Over the last few years there has been a significant push toward the legalization of marijuana.  Marijuana is now legal for medicinal purposes in 23 states plus the District of Columbia.  Four states—including Colorado, Oregon, Washington, and the District of Columbia—have now legalized marijuana use for recreational purposes. 

As a practicing family physician in a state that allows use of marijuana for medicinal purposes, I have been approached many times by patients inquiring about the use of medical marijuana.  The current approved indications for use of medical marijuana in the state of Rhode Island are listed below.

  • Cancer or the treatment of this condition
  • Glaucoma or the treatment of this condition
  • Positive status for human immunodeficiency virus (HIV) or the treatment of this condition
  • Acquired immune deficiency syndrome (AIDS) or the treatment of this condition
  • Hepatitis C virus infection or the treatment of this condition
  • A chronic or debilitating disease or medical condition or its treatment that produces one or more of the following:
    • Cachexia or wasting syndrome
    • Severe, debilitating chronic pain
    • Severe nausea
    • Seizures, including but not limited to those characteristic of epilepsy
    • Severe and persistent muscle spasms, including but not limited to those characteristic of multiple sclerosis or Crohn disease
    • Agitation related to Alzheimer Disease

The majority of patients who present to me with requests for medical marijuana cards do so for pain control.  Most commonly, the pain is related to the back or neck.  Surprisingly, I have not had anyone use medical marijuana for relief of cancer-associated pain, which seems to be one of the strong selling points for the marijuana-using community when advocating for legalization.

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Another reason that patients inquire about permission for marijuana use is for psychiatric conditions, particularly anxiety-related disorders.  Patients often tell me that marijuana is the only intervention that makes their anxiety better. 

As is outlined in the above list of approved indications, psychiatric illnesses— including anxiety—are not included.  In actuality, there is an abundance of scientific evidence showing that marijuana worsens, or in some cases causes psychiatric illnesses.   I have signed medical marijuana cards in the past and will continue to do so when it is appropriate, when potential risks are outweighed by benefits, and when it is in the best interest of that patient. I do, however, always review my recommendation that marijuana should not be used medicinally via inhalation.

However, interspersed with patients who wish to use marijuana for medicinal purposes is a group of patients who wish to avoid legal issues from recreational use and therefore try to obtain a medical marijuana card.  This presents medicolegal and ethical issues for providers to deal with.

I do feel that the medicalization of marijuana is a step in the gradual approach to legalization of marijuana for recreational purposes.  There are many concerns with legalization of marijuana that have not necessarily been well thought out.  We have laws written and voted on by politicians focused solely on tax dollars who reject or ignore the overwhelming amount of research documenting the negative effects of marijuana, particularly on the adolescent brain.  While researching the literature for effects of marijuana use, a significant amount of information is published by the National Institutes of Health.  Although the majority of it overwhelmingly negative, the state governments seem to disregard that information as important when passing laws.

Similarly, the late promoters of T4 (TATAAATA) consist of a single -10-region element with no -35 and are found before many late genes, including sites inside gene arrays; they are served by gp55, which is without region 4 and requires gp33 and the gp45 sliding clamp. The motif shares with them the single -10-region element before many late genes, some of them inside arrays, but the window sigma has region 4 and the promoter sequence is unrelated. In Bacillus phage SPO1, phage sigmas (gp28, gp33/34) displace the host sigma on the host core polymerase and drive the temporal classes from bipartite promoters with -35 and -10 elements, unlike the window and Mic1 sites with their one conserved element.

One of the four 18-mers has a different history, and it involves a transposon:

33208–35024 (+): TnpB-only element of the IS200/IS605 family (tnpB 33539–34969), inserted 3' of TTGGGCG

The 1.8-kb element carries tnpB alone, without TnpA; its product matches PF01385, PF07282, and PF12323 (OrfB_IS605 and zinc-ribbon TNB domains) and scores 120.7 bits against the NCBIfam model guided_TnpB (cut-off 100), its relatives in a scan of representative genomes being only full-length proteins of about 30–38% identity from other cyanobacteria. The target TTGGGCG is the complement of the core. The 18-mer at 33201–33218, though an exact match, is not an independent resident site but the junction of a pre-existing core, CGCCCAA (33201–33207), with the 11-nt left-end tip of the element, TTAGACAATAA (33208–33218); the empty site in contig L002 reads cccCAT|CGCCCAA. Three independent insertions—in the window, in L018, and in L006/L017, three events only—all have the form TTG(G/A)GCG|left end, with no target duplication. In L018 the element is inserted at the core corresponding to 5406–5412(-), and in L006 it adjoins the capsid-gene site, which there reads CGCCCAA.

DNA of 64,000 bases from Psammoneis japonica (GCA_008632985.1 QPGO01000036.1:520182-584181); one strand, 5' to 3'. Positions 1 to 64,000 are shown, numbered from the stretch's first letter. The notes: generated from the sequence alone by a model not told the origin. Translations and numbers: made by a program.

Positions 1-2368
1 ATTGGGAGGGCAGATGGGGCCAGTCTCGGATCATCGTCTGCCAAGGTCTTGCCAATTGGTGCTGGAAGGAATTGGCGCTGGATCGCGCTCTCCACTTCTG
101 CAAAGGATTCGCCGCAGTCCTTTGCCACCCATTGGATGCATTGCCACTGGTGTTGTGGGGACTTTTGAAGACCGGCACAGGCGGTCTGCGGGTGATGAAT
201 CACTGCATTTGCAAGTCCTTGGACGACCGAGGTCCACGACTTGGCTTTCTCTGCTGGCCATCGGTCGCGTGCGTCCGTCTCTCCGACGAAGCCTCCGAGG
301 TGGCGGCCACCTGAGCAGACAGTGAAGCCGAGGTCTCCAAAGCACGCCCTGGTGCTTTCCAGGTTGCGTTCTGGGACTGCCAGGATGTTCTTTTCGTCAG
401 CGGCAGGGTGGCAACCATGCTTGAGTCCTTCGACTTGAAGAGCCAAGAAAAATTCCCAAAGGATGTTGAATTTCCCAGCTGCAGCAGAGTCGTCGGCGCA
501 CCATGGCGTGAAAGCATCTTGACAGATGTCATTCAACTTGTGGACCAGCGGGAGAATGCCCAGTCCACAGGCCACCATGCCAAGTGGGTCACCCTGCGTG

The American Academy of Child and Adolescent Psychiatry (AACAP) came out with a policy statement in 2012 regarding the medicalization of marijuana.   Of particular concern to the AACAP is the emerging evidence that adolescent’s perception of the harmful effects of marijuana has become distorted.  Also of concern is that adolescents are accessing medical marijuana for recreational use.

There is well-described evidence that the developing adolescent brain suffers significant cognitive effects to the point that even weekly use of marijuana as an adolescent (up to age 22) can lower IQ by approximately 8 points, and this loss is not recoverable upon cessation of use.  Adolescent users of marijuana are also more likely to develop dependence on marijuana than adult users.  They are at increased risk of development of and worsening course of psychotic, mood, and anxiety disorders. Chronic psychotic disorders such as schizophrenia occur with increased frequency in teens and young adults who use marijuana even once weekly. These disorders occur independently of other risk factors, showing a causative role for marijuana.

I also hear from marijuana supporters that alcohol is somehow worse.  I by no means defend alcohol consumption and could not agree more that it is responsible for tremendous morbidity and mortality.  However, that does not necessarily make marijuana safer for adolescents nor does it reduce the negative impact on adult functioning. These include impaired hand-eye coordination and perceptual disturbance, potentially leading to an increased number of motor vehicle accidents, abuse and dependence with withdrawal syndrome potentially requiring medical treatment, and amotivation leading to reduced occupational or educational productivity—and the list goes on.

So, before our politicians pursue further legalization of marijuana for recreational use, we must ask ourselves, “Is it worth potentially further distorting adolescents’ views on the dangers of marijuana, putting them at increased risk for devastating sequelae, and further minimizing the negative effects on adults in exchange for the almighty tax dollar?”

My opinion is strongly opposed.